Quite often in the New Testament we find or notice things which, from our standards, do not seem to count or matter or make sense. One of those things is the first beatitude in Jesus’ Sermon on the Mount.

“Blessed are the poor in spirit.”

Matthew 5:3

Literally, “Blessed are the paupers.” In America this may not seem to be a common thing, but for most of the world it is exceedingly common… “paupers,” I mean.

Most preaching in the world today is apt to emphasize stuff like strength of will, beauty of character and all those things which are easily noticed. Volume upon volume of books have been written on the ‘how to’ of this very subject. So often we hear the phrase “decide for Christ” and then we make our attempt. But you see, that phrase and its implication is something the Lord never said or even trusted.

Never did our Lord ask us to decide for him. What he asks, is to yield to him.

Now those are two very different things.

At the basis of Jesus’ statement is the common-place. You see the thing you and I are blessed in is our poverty. If we know that we have no strength of will, no nobility of disposition, and that we are paupers lacking in our own strength and spirit, then Jesus says that we are blessed because it is through his poverty that we enter His kingdom.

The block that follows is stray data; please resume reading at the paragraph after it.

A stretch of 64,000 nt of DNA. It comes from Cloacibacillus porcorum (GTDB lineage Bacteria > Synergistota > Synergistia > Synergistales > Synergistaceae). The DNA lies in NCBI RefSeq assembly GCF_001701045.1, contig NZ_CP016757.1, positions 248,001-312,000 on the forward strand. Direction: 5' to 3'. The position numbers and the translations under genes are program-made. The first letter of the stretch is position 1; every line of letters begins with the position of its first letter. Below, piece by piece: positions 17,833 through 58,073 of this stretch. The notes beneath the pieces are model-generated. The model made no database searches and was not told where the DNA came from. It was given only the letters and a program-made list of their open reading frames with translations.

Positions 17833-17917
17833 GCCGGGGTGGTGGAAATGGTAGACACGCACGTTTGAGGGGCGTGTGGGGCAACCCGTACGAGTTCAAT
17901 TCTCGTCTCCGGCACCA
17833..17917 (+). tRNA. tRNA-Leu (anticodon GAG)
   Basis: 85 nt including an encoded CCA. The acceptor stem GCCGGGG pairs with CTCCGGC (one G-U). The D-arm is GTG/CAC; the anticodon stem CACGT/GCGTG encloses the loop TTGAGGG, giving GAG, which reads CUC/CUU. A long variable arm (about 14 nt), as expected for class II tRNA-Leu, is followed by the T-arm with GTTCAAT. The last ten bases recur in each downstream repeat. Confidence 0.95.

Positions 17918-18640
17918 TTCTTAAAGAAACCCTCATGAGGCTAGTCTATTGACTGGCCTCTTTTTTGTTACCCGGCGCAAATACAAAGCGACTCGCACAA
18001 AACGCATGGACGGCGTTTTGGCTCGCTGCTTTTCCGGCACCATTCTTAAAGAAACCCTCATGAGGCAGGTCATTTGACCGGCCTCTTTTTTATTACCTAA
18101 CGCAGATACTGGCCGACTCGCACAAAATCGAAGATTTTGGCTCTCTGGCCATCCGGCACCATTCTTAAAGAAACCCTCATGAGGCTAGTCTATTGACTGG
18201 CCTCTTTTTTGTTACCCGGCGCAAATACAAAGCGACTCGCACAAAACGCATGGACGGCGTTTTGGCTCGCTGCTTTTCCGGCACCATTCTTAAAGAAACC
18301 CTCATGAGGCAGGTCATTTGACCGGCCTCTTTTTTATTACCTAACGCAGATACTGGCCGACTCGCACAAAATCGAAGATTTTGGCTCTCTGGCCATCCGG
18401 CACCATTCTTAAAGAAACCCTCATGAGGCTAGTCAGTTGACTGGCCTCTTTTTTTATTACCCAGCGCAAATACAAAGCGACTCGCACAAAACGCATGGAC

We cannot enter God’s Kingdom or expect his blessings on account of being good men and women of God. We can enter only as a pauper.

In the Christian life, the implicit is never conscious. If it is conscious, it ceases to have, what we can call, the touch of Jesus to it. If it is well known and broadcasted as prime example, then it loses its specialness. You can always tell and know when Jesus is at work because he produces in the common place something that is inspiring.

May we all be so blessed.

Yours in Christ, Pastor Jake

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